At this point in the U,S., the highest percentage of Herdwick genetics is at 75%. But, they are hoping for USDA to open the doors this fall and allow us to import new Herdwick genetics to continue the breeding program at Helder-Herdwyck Farm. This is all part of diversifying the geographic location of the Herdwick breed.
The susceptibility of the breed as a whole was realized during the 2001 outbreak of foot and mouth disease. The epidemic was tragic, devastating effects throughout the area. With only about 100,000 Herdwick sheep at the time of the outbreak, about 25,000 Herdwick sheep alone were lost. For comparison, there were an estimated 75 million Romney sheep in New Zealand in 2000.
It was realized that the Herdwick breed needed to be distributed geographically, or risk extinction should another disease strike. Recent studies have actually shown the Herdwick to be highly disease resistant, and genetically distinct from all other breeds of sheep. Part of the reason England refers to the Herdwick as the original slow grown food is that ewes do not breed until their second year, and tend to have one lamb per year. The breed became threatened as more prolific breeds were desired for commercial production (montadale ewes readily breed at 6 months of age). However, the flavor is unique, favored by Queen Elizabeth. Flavor of the English Herdwick will differ from ours, due to the difference in forage.
Most importantly to us, here on our holistically managed sustainable farm, the Herdwick’s ability to convert very little forage into body mass meets our sustainable goals. Additionally, the breed is smaller in stature than commercial breeds. This quality makes them safer and easier to handle, and, does not impact the environment in the ways heavier breeds do. We feel this rare breed is highly important to U.S. agriculture because of their unique abilities to thrive in sparse vegetation and difficult terrain. Given the extent to which the U.S. is being developed, these sheep will thrive in the areas left, where commercial breeds will be hard stretched to perform accordingly.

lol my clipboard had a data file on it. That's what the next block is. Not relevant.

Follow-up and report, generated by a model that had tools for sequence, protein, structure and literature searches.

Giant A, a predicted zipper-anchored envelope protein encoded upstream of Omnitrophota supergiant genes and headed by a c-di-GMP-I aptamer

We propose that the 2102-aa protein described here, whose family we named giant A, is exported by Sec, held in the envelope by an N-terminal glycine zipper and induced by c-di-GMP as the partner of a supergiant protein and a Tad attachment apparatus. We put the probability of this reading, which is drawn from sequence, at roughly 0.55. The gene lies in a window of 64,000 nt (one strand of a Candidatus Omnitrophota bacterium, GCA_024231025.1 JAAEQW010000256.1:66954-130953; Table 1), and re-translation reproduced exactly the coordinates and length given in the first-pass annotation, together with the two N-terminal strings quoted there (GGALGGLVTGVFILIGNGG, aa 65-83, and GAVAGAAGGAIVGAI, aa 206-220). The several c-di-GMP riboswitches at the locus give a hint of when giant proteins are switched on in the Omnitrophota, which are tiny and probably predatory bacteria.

Because the Herdwick is rare, and the U.S. breeding program has been closed to new genetics for about 5 years, each of our animals is very important. We are engaging in a new breeding line this year to ensure the genetics start out as purely 50% Herdwick and 50% of a base breed we are determining to be as close to Herdwick type as possible. The ewes used by the original breeder in the U.S. were of varying breeding.
That all said there are also wonderful things the sheep have done to the old farm fields yet. Though it is better seen for yourself to believe. But they have nearly eradicated an invasive species in their main pasturing area, giving new life to native grasses and plants which had been choked by the invasives. The compacted soil is now soft like a carpet and the grasses team with bugs, butterflies and birds. There has been no plowing, no large scale seeding (if the dirt is scuffed where they gathered at the water trough, they tossed some clover seeds there when moving them), and absolutely no herbicides or pesticides have been used. Simply by rotating the animals in tandem – sheep, then hens and broilers, and then 60 days of rest, the farmers have lush pasture that is turning emerald green with natural nutrients.
And after all that, the wool is also completely unique, and known as “the smiling sheep”, over all the Herdwick has a delightful personality.